Gismon is a powerful cloud-based solution that allows users to track, analyze and respond to changes in real time, ensuring the optimal health and productivity of agricultural, fishery and natural ecosystems, including protected spaces.

What do you need to happen to save time and money?

Gismon offers a complete set of features designed to meet the diverse needs of users in various industries. Whether you are a farmer looking to optimize crop growth, a fisherman monitoring water quality, or a conservationist safeguarding biodiversity, Gismon gives you the tools you need to stay informed and take proactive action.

One of Gismon’s key strengths lies in its ability to send timely alerts and trigger automated actions in response to predefined thresholds or anomalies. From temperature fluctuations and humidity levels to soil moisture and air quality, Gismon continuously monitors a wide range of environmental parameters, allowing users to mitigate risks and optimize resource allocation.

With Gismon, you can access real-time data and information from anywhere, anytime, through an intuitive web-based interface or mobile app. Whether you’re in the field or on the move, Gismon ensures you have the information you need to make informed decisions and drive positive results for your operations.

What can Gismon monitor?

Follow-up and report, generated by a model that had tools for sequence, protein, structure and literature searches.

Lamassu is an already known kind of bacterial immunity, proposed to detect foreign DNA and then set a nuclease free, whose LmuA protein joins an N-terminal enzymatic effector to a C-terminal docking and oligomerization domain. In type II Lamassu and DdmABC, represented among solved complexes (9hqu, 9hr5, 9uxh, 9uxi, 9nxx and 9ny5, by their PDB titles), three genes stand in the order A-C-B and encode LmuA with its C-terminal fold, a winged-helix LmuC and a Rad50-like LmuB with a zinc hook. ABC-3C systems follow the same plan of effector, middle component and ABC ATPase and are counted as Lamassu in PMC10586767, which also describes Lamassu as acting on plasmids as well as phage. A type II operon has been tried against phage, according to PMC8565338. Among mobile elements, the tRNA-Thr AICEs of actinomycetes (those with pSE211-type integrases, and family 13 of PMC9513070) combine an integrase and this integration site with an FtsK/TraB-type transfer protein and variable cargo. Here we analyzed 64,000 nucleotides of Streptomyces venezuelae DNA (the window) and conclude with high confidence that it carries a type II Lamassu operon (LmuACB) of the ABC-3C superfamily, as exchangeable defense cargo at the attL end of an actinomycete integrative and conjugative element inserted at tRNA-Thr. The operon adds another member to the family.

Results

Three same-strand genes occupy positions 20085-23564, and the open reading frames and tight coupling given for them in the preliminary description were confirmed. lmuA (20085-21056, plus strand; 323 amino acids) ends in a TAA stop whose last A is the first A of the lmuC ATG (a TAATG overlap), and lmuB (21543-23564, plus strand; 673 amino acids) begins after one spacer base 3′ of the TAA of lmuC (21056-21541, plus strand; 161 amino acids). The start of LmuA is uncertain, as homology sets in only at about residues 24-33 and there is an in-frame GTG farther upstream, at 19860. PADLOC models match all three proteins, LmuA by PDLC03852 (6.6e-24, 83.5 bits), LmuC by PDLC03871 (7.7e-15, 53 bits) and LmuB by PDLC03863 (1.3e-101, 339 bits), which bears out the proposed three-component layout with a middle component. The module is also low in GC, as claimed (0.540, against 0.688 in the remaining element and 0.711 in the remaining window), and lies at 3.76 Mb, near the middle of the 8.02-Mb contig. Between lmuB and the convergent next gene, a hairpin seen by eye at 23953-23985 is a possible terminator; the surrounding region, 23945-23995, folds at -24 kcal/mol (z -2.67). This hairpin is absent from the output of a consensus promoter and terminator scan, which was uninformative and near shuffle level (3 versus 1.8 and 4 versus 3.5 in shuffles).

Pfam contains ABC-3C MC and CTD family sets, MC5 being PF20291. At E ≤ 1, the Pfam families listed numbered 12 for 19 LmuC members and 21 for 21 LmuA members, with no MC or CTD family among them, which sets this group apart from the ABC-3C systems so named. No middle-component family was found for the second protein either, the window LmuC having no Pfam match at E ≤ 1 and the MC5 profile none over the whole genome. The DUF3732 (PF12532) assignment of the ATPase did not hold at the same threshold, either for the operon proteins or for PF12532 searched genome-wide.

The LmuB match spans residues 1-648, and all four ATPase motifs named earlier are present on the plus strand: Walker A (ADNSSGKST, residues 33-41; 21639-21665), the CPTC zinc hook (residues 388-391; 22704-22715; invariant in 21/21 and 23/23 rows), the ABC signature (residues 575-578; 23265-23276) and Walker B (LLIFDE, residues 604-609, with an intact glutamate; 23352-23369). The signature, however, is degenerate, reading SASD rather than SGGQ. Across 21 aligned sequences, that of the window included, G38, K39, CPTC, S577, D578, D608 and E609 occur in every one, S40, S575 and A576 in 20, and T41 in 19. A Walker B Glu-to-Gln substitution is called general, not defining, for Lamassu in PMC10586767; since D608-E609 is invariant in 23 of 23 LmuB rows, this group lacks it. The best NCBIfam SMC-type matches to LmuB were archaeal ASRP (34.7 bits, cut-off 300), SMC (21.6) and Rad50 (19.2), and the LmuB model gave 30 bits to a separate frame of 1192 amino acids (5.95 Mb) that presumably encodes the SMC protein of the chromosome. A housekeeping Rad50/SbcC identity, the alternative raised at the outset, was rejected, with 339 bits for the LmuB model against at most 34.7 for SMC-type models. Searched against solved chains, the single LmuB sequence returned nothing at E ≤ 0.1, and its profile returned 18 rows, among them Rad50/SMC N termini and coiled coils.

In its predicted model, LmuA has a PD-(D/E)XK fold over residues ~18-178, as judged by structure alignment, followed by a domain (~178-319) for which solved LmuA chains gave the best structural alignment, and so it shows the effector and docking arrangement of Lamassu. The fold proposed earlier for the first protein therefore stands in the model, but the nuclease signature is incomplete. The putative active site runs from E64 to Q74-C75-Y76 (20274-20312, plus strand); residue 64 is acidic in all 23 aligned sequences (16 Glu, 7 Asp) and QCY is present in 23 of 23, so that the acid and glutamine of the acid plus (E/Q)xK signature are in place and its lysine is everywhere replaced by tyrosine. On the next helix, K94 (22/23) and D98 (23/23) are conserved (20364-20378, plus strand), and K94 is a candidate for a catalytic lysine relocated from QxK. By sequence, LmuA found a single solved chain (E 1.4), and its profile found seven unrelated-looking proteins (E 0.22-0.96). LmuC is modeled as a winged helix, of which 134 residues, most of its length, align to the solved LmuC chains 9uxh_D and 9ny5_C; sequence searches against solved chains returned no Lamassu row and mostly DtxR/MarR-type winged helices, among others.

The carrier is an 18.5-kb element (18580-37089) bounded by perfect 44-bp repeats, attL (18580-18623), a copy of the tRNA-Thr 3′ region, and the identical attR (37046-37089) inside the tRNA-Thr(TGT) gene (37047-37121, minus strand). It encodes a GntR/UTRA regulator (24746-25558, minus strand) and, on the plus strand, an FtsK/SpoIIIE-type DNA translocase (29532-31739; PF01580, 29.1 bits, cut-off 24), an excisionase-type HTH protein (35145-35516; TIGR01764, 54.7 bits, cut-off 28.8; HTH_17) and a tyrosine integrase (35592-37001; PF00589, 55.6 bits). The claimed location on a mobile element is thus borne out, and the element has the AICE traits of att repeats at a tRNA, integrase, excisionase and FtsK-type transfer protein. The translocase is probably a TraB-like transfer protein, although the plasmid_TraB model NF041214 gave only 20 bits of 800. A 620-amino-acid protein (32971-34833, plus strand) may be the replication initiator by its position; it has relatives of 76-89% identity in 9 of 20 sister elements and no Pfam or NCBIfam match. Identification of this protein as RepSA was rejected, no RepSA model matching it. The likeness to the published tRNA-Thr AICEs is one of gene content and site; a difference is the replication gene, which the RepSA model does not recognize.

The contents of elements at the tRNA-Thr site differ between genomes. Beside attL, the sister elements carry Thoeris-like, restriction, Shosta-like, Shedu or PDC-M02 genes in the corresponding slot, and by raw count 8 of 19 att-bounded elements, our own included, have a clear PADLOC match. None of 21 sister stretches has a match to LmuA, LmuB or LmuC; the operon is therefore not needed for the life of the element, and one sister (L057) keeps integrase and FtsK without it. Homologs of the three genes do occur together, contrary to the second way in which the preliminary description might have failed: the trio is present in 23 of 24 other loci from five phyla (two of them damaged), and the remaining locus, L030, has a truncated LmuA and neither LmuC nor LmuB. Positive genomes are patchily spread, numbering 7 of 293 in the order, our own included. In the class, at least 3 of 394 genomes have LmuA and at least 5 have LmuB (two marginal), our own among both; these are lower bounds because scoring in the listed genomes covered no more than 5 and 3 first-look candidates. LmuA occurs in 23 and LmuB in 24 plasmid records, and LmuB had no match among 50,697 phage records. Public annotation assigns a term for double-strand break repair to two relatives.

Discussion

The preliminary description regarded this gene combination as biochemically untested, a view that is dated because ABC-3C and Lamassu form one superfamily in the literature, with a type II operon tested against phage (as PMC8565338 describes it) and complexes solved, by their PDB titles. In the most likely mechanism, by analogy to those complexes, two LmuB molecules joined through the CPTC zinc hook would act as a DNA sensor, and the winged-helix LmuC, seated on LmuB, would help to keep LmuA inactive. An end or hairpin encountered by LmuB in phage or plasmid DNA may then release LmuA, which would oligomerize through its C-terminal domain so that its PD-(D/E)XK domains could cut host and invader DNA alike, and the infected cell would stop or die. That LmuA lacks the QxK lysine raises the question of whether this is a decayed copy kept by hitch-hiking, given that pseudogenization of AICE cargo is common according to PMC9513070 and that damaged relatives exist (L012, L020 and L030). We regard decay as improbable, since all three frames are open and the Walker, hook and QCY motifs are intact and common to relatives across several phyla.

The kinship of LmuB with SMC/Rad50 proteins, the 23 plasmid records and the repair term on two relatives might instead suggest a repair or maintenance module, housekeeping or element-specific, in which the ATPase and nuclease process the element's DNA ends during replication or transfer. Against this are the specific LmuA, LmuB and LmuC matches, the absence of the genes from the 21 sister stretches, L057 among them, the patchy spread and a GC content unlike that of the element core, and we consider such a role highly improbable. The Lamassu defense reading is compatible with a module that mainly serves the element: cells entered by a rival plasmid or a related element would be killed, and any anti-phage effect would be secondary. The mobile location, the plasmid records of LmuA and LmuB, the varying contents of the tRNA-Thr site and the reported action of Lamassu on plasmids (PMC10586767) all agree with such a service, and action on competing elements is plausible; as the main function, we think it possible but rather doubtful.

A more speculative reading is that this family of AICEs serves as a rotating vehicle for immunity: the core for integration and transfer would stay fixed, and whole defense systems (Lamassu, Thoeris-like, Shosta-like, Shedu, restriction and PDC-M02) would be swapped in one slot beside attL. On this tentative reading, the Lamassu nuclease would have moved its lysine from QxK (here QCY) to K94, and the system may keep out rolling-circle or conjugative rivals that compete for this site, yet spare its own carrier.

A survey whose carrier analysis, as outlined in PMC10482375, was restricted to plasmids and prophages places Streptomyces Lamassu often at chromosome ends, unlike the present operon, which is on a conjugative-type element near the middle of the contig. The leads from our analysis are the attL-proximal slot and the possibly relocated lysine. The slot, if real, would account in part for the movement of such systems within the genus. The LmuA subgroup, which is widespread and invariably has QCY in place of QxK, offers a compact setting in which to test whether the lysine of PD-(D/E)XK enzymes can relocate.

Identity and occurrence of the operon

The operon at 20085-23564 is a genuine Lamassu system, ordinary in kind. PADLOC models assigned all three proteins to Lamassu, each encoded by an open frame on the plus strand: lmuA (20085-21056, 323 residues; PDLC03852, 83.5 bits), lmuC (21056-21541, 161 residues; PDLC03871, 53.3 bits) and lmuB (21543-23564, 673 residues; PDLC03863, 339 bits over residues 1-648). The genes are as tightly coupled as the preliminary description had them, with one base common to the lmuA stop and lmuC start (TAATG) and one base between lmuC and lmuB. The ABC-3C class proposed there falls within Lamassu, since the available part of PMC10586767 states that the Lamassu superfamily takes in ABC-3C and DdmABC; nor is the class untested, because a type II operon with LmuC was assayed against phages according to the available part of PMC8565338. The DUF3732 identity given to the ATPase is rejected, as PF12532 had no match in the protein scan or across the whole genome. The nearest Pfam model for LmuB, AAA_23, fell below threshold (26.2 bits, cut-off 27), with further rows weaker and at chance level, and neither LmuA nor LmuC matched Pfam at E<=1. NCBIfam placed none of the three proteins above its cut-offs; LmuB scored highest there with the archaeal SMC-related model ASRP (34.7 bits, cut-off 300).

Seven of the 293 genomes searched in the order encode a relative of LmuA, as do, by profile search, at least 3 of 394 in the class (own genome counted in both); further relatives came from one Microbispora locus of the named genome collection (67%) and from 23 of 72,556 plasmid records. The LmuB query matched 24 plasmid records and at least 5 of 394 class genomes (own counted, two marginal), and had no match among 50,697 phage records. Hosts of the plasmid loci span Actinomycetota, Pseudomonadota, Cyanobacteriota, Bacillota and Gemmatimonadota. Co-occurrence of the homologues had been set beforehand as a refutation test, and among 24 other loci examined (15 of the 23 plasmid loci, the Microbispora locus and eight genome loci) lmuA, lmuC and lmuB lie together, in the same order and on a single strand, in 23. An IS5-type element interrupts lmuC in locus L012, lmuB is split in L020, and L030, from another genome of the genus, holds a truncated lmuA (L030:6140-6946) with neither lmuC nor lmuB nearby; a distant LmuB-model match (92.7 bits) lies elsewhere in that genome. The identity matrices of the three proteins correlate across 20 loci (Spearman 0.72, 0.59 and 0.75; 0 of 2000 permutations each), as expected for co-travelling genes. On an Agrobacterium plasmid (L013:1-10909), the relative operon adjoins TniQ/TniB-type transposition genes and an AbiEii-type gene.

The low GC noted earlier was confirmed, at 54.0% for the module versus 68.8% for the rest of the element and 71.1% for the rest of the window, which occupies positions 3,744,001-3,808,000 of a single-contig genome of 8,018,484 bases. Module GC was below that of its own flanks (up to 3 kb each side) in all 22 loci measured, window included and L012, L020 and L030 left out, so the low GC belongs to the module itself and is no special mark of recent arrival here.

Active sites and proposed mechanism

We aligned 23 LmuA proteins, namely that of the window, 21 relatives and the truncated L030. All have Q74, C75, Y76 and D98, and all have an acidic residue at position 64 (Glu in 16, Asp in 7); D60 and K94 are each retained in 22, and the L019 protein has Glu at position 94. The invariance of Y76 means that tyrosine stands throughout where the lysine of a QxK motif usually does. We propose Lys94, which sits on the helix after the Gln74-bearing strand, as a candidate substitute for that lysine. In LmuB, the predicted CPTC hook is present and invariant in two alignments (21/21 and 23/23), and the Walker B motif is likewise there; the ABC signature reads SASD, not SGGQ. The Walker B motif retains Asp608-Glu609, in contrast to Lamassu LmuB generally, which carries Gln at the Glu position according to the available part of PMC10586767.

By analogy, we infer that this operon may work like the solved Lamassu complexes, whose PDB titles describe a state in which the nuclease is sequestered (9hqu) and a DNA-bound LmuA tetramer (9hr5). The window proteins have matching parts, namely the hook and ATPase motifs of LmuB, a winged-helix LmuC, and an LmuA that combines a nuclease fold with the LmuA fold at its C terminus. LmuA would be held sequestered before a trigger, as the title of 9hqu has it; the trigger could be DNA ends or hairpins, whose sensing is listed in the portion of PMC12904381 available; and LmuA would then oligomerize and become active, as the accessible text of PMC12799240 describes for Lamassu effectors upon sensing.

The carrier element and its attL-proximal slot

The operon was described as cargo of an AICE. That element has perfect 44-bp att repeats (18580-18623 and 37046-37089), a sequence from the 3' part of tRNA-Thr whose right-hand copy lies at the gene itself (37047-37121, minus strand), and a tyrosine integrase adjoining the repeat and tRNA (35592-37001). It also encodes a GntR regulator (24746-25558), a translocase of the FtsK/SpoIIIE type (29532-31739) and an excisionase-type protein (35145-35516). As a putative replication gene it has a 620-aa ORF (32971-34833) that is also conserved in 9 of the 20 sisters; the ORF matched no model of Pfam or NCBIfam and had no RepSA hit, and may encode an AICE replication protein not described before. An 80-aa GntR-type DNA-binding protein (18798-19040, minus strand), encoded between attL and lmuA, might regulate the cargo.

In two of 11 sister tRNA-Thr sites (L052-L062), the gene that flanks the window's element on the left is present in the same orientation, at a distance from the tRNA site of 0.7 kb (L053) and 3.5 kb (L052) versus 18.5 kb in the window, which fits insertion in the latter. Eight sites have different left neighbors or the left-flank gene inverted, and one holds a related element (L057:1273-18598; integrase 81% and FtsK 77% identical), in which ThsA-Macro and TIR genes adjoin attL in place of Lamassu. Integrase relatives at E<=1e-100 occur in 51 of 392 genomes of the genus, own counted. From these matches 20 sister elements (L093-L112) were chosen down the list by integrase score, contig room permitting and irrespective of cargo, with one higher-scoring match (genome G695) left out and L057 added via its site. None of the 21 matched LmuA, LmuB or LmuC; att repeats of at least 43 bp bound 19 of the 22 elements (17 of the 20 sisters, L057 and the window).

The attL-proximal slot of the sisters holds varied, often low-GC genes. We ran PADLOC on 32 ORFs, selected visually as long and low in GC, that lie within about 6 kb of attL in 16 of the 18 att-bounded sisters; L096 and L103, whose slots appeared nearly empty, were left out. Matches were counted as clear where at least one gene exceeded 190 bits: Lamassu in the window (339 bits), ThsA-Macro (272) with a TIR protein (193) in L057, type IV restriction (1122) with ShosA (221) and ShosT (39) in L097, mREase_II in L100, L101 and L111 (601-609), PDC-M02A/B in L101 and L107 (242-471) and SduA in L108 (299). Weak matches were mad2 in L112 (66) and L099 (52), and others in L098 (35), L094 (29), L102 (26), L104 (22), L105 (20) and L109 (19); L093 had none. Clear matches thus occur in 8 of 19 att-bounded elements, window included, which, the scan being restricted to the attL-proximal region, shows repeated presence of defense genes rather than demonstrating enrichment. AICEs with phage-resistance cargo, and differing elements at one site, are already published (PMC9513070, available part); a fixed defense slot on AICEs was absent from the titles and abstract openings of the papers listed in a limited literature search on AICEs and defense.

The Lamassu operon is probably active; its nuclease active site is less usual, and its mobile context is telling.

• Temperature, humidity and atmospheric pressure (weather stations)
  • Wind direction and speed.
  • Rainfall measurements. Humidity and temperature of the leaves.
  • Vaporization.
  • Water conductivity.
  • Diameter of the trunk/stem/fruit.
  • Oxygen levels on land.
  • Glow.
  • Ultrasounds.
  • Temperature, humidity and soil moisture.
  • Solar and ultraviolet radiation.
What autonomous actions can Gismon take?
  • Alerts via phone calls 24/7 for response from operations staff.
  • Send notifications by SMS or instant messaging applications.
  • Activate or deactivate lighting devices.
  • Management of gates, valves and water motors.
  • IoT device messaging (mqtt).
Why was Gismon invented?

Gismon was born after months of rain on the western coast of Galicia, where the opening of floodgates in the Tambre reservoir has further reduced salinity in the Noia estuary, threatening the survival of bivalves both on land and in the high seas. Read more (article in Spanish).